Australian Aborigines Were Once Indians - Study
    By News Staff | July 21st 2009 06:39 PM | 3 comments | Print | E-mail | Track Comments
    New genetic research in BMC Evolutionary Biology found telltale mutations in modern-day Indian populations that are exclusively shared by Aborigines.  The new study indicates that Australian Aborigines initially arrived via south Asia.

    Dr Raghavendra Rao worked with a team of researchers from the Anthropological Survey of India to sequence 966 complete mitochondrial DNA genomes from Indian 'relic populations'. He said, "Mitochondrial DNA is inherited only from the mother and so allows us to accurately trace ancestry. We found certain mutations in the DNA sequences of the Indian tribes we sampled that are specific to Australian Aborigines. This shared ancestry suggests that the Aborigine population migrated to Australia via the so-called 'Southern Route'."

    The 'Southern Route' dispersal of modern humans suggests movement of a group of hunter-gatherers from the Horn of Africa, across the mouth of the Red Sea into Arabia and southern Asia at least 50 thousand years ago. Subsequently, the modern human populations expanded rapidly along the coastlines of southern Asia, southeastern Asia and Indonesia to arrive in Australia at least 45 thousand years ago. The genetic evidence of this dispersal from the work of Rao and his colleagues is supported by archeological evidence of human occupation in the Lake Mungo area of Australia dated to approximately the same time period.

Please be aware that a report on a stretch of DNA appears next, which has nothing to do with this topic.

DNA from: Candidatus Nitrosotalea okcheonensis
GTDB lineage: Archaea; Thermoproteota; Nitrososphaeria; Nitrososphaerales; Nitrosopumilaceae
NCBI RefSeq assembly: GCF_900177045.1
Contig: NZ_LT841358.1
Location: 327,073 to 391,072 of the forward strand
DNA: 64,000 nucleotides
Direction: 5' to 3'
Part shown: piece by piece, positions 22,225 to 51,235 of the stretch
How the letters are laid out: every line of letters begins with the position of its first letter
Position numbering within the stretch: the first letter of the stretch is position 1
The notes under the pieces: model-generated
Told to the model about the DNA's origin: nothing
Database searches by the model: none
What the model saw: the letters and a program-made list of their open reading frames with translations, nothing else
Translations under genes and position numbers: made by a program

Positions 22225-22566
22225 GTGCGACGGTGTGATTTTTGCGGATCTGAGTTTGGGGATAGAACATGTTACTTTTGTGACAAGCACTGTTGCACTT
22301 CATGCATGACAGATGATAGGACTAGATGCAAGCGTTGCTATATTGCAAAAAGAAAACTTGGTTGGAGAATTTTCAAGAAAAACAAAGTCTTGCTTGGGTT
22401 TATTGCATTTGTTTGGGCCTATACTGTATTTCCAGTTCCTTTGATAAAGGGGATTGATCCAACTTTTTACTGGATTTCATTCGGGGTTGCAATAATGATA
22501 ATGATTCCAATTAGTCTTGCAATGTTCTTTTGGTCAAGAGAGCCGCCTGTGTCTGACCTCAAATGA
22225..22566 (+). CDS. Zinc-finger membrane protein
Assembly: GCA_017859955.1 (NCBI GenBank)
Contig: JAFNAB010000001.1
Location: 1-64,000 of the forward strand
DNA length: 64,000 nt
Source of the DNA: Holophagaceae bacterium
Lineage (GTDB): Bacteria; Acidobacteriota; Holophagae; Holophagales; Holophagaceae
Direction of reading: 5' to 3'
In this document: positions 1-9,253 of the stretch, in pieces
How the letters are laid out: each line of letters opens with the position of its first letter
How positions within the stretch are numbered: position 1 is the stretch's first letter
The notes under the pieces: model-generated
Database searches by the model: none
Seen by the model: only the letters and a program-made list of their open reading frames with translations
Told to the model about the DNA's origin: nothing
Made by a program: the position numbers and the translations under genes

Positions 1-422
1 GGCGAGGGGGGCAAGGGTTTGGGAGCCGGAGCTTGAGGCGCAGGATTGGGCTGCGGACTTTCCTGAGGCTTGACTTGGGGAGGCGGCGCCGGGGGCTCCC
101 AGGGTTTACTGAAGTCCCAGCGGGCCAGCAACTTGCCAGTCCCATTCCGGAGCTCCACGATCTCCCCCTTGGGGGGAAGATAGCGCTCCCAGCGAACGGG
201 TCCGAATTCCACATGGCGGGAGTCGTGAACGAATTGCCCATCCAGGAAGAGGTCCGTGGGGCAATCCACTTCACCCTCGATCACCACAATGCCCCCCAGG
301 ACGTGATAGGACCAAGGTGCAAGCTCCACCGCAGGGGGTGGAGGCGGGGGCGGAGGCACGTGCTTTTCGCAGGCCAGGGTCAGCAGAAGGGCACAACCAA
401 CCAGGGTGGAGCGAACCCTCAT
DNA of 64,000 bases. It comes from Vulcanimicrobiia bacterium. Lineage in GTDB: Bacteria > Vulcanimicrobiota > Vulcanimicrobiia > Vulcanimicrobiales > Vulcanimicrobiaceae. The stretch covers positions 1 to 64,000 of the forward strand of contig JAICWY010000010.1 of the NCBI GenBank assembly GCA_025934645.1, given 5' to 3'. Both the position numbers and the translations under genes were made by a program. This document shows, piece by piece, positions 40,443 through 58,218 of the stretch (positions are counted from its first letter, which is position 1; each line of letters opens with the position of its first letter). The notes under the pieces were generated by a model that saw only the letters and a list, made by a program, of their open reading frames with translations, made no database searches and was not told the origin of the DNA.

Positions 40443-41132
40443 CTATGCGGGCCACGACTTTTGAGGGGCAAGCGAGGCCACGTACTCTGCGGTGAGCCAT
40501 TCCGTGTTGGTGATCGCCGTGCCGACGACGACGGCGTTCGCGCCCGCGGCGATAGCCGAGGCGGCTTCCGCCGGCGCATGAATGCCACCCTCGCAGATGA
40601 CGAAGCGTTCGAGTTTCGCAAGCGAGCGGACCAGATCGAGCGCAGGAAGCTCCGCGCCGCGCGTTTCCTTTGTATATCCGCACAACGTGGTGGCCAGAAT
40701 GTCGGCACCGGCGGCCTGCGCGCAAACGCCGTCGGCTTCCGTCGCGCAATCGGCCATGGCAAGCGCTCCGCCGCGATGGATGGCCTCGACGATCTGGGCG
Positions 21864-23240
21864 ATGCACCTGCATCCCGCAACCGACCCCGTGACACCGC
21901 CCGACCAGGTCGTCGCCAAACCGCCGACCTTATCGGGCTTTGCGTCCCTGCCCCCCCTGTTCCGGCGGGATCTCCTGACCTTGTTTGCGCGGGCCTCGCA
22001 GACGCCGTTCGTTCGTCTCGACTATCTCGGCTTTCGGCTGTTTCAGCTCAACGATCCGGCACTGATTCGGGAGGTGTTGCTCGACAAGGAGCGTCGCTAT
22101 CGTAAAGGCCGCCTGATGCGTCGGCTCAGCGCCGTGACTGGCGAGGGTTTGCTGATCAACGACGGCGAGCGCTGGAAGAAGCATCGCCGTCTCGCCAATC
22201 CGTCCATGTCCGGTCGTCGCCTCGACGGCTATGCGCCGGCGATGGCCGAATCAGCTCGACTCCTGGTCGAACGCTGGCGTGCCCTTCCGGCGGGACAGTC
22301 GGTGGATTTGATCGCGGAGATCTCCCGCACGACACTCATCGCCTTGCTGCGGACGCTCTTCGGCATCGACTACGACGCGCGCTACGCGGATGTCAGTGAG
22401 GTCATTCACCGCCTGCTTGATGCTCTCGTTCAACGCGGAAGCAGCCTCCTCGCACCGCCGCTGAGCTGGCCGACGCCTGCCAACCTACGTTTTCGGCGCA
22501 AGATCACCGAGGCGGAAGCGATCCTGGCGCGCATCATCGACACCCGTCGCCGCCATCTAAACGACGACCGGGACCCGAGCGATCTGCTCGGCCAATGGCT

Discussing the implications of the research, Rao said, "Human evolution is usually understood in terms of millions of years. This direct DNA evidence indicates that the emergence of 'anatomically modern' humans in Africa and the spread of these humans to other parts of the world happened only fifty thousand or so years ago. In this respect, populations in the Indian subcontinent harbor DNA footprints of the earliest expansion out of Africa. Understanding human evolution helps us to understand the biological and cultural expressions of these people, with far reaching implications for human welfare."


    Most aborigines are genetically closer to mongols than they are to most Indians. Haplogroup C may have originated in India, but Haplogroup R which descended from F is most likely to have originated from India. While Indians may look like people outside of India, if anything those particular groups of people look Indian. The Aryan invasion was a tactic used by the british to divide and conquer. There is no solid physical evidence for an invasion eastward into India. As for the aboriginals they suffered a similar fate to their C cousins in Asia. The C group was almost wiped out in the southern regions of Asia by incoming arrivals of F descendants. This forced the C group of modern day mongol/turkic/various siberians to settle in the cold unfertile regions of North and Central Asia.

    Trying to cut Africa out again are we from their rightful spot in history?

    I feel that the name of this article is erroneous. Even though human evolution is not static and even though indigenous groups such as Australian aboriginals that have not intermixed with other groups still follow an evolutionary path, they are probably closer genetically to the original people that took the migration path through south-east asia than indians who have had invasions from other cultural groups - macedonians, persians, arabs, etc. Should the article not be titled: "Indians once were Australian Aborigines"?